II. Prior Art
There are scent emitting devices which emit scent for the purposes of altering the environment, serving as an alarm, or for use in conjunction with moving images.
Devices which emit scent for purposes of altering the environment are taught in U.S. Pat. Nos. 5,175,791; 5,342,584; 5,111,477; 5,437,410; 5,487,502; 3,632,020; and 5,221,025.
Scent emitting devices which work as alarms are disclosed in U.S. Pat. Nos. 4,573,804; 5,321,669; 5,055,822; 4,407,585; and 5,508,685.
Scent emitting devices used in conjunction with moving images such as in a movie theater are disclosed in U.S. Pat. Nos. 1,749,187; 2,540,144; 2,562,959; 2,813,452; 2,905,049; 3,795,438; 4,603,030; and 4,629,604.
One problem associated with all of these prior art methods and devices is that they disperse scent into a relatively large space (e.g. a room or movie theater). This means that a relatively large amount of fragrance or scent must be employed in order to insure the scent is perceived by the user.
Another problem with these prior art systems is uniform distribution of the scent throughout the room. The scent must be mixed with the already existing air in the room so that it can be appreciated by those present in the room. The mixing of the scent-laden air throughout a large space is difficult.
Yet another problem with these prior art systems is changing from one scent to another. Once the room has one scent therein, that scent must be removed quickly either during or before another scent is introduced into the room.
Still another problem with these scent delivery systems is they are not truly portable. If the scent delivery system is to be used for behavior modification, it should be portable.
There is a need for a portable scent delivery system which quickly delivers scent to a user and just as quickly removes that scent so as to allow for a rapid change from one scent to another.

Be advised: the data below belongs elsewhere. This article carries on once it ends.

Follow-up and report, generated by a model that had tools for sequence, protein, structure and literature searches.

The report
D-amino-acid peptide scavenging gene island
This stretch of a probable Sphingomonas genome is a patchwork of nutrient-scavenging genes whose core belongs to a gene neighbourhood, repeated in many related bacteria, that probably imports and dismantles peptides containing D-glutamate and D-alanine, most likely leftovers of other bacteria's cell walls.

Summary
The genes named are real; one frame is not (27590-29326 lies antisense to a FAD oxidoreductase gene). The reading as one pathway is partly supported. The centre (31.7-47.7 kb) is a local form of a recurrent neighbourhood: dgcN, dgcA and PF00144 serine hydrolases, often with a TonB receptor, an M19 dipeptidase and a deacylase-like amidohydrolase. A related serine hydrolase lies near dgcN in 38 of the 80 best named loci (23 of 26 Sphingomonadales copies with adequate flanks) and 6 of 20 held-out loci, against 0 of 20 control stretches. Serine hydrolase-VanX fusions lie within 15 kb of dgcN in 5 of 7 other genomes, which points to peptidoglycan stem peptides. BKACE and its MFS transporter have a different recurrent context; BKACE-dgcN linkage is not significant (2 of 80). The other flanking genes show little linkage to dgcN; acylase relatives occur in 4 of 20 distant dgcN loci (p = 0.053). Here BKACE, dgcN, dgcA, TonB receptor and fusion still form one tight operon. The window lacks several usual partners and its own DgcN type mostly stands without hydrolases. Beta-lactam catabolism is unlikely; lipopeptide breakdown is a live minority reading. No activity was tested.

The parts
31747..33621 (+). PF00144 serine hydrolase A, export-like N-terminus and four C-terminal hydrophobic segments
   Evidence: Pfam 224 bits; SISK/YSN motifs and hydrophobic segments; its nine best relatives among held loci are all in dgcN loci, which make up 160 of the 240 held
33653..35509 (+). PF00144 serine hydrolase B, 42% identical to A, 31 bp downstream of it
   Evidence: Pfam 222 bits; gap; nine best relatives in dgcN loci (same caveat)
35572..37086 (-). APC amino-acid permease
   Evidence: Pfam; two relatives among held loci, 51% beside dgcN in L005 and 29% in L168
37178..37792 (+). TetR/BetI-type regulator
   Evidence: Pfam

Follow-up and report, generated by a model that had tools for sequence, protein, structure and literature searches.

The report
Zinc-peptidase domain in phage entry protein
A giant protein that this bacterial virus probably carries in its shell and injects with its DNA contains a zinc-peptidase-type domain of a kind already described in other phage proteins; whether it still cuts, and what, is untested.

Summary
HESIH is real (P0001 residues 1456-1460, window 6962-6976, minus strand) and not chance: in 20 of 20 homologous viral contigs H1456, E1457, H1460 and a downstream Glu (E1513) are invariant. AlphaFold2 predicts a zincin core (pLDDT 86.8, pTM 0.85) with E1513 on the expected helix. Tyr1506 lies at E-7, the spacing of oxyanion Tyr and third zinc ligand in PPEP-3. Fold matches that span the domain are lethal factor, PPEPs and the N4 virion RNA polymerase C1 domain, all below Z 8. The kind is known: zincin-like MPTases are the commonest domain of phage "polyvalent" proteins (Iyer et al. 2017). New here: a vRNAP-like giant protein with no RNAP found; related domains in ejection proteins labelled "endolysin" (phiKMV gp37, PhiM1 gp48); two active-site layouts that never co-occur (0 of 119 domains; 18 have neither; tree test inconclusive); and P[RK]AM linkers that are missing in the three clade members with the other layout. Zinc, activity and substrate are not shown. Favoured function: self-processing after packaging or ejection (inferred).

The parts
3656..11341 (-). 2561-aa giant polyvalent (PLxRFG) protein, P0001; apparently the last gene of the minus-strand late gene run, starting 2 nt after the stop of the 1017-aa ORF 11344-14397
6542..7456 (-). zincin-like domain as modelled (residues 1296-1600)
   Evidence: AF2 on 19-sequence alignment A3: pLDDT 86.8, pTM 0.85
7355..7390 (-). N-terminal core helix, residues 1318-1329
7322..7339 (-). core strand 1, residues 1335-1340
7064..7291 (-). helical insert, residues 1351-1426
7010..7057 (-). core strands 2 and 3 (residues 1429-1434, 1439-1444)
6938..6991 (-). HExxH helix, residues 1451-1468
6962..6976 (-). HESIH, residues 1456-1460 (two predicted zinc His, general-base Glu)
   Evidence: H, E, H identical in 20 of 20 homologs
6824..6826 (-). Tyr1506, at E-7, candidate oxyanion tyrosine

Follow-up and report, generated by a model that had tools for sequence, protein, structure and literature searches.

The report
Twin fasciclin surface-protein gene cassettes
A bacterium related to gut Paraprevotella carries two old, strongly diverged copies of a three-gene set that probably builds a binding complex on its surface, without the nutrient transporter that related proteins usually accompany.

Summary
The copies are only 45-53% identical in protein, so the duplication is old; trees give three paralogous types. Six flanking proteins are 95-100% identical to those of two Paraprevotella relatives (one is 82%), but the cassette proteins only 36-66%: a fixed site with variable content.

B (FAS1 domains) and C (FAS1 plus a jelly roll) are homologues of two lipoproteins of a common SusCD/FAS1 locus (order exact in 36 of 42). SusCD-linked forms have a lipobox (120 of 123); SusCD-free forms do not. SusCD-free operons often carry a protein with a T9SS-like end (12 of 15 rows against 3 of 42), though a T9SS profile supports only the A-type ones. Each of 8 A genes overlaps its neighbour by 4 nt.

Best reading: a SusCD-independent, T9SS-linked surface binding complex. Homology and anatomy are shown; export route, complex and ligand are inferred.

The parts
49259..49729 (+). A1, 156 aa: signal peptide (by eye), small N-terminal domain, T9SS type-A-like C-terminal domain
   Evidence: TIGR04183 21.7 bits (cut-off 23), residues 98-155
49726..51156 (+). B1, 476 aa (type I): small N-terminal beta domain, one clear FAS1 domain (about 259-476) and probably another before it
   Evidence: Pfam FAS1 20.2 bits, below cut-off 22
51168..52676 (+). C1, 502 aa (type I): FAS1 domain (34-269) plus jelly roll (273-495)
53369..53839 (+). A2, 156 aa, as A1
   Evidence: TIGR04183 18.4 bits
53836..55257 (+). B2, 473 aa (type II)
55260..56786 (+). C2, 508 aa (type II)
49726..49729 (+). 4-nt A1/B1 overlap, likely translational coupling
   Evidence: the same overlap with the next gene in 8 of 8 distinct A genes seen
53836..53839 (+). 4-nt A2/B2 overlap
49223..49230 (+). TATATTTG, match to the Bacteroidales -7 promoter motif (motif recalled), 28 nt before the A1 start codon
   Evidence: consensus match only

The purpose of this invention is to provide a portable scent delivery system which delivers to the wearer various fragrances and scents. More specifically the invention can be used to provide the user with the specific mixtures of scents. The ability to successfully achieve this goal is contingent upon the following unique objects and advantages of this system.
The first object and advantage of this system is its ability to carry mixtures of scents to and then away from the user's nose using a conduit. The use of a conduit to deliver scented air directly to the user's nose is unique. All prior inventions have relied upon convection and diffusion through air in an open space.
The second object and advantage of this system is its ability to rapidly change from one scent to another with a minimum amount of air flow. Because of the use of a conduit, very small volumes of air can carry all the necessary scent molecules to the user's nose. Because of the small carrier air volumes, the rate and duration of scent delivery to the use's nose can be precisely controlled. Thus, the rate of change of scents can be very rapid which is unique to this invention. No prior inventions can achieve this because open air diffusion and convection is so much slower. In addition, removal of the scent away from the user is also much slower.
The third object and advantage of this system is the ability to blend multiple scents together. The blending is unique because of the use of precise proportional flow control in a closed conduit system. In this way the precise mixture of concentrations which are created are maintained all the way to the viewers nose. No prior art can provide for this. Each individual scent in the blend can be adjusted in magnitude so that a wide variety of sensory impressions can be created.